One of the criticisms I’ve heard of the ballet is that it’s too bleak. To me, the dim light and dark tone of the ballet is perfectly appropriate to the subject of cruelties happening in the shadows or behind closed doors. I’ve also heard criticism that it’s too violent. On the contrary, the ballet camouflages the violence through choreography that does not require explicit acts to deliver its message. And unlike other ballets this season that some (not this reviewer) might say glorify the very acts they condemn, all that Jane Eyre glorifies is inner strength and the power to survive against all odds. It’s a breath of fresh air.
With one exception, Jane Eyre’s feminism, to the extent it can be so branded, doesn’t hit you over the head with an anvil. The trials that the title character endures are the story; to depict it as anything else would be wrong, especially since Marston does such a fine job making that suffering real to anyone of any gender. The exception – the ballet’s final image, when Jane is physically excised from the story, singled out as a survivor, and walks downstage to receive her recognition from the spotlight and the audience. That’s the anvil. That the story is “about” her is undeniable, but focusing on her in addition to the focus that the story itself provides diminishes the universality of the message, and makes her relationship with Rochester only a means to an end.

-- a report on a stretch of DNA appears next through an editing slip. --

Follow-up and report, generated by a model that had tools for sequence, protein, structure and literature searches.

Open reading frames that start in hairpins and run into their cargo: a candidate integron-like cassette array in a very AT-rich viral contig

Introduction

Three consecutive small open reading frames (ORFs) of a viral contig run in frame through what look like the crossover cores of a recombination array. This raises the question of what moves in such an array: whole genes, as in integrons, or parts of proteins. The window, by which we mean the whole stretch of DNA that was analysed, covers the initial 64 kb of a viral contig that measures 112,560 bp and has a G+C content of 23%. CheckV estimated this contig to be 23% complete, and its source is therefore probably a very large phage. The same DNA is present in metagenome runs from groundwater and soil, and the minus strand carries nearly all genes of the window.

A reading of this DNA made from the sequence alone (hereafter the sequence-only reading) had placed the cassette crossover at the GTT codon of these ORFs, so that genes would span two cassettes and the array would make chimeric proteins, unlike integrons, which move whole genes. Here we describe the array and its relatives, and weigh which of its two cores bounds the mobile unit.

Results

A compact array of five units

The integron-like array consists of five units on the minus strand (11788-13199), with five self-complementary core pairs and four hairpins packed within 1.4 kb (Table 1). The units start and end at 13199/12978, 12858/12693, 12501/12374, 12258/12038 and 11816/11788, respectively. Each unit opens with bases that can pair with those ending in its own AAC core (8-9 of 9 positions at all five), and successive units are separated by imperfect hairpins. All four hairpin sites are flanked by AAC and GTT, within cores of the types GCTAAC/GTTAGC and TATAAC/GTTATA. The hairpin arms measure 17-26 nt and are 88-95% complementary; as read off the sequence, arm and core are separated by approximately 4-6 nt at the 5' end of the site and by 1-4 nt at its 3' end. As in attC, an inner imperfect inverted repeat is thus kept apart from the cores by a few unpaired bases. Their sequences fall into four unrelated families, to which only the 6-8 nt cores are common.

Aside from that, if there’s a weakness to Jane Eyre, it’s the male dancing and characterization, which is far less imaginatively complex than it is for the women. It’s reflected in the ballet’s only silly dance – when Rochester returns home from his world travels surrounded by sycophantic “horses,” like a conquering and self-important hero (or an English version of a wild-west cowboy). More critically, however is that the male characters lack .. character. They’re cardboard. But I suppose after centuries of women being the love interest, or waiting for Prince Charming or Mr. Goodbar, or being the damsel, we men deserve this.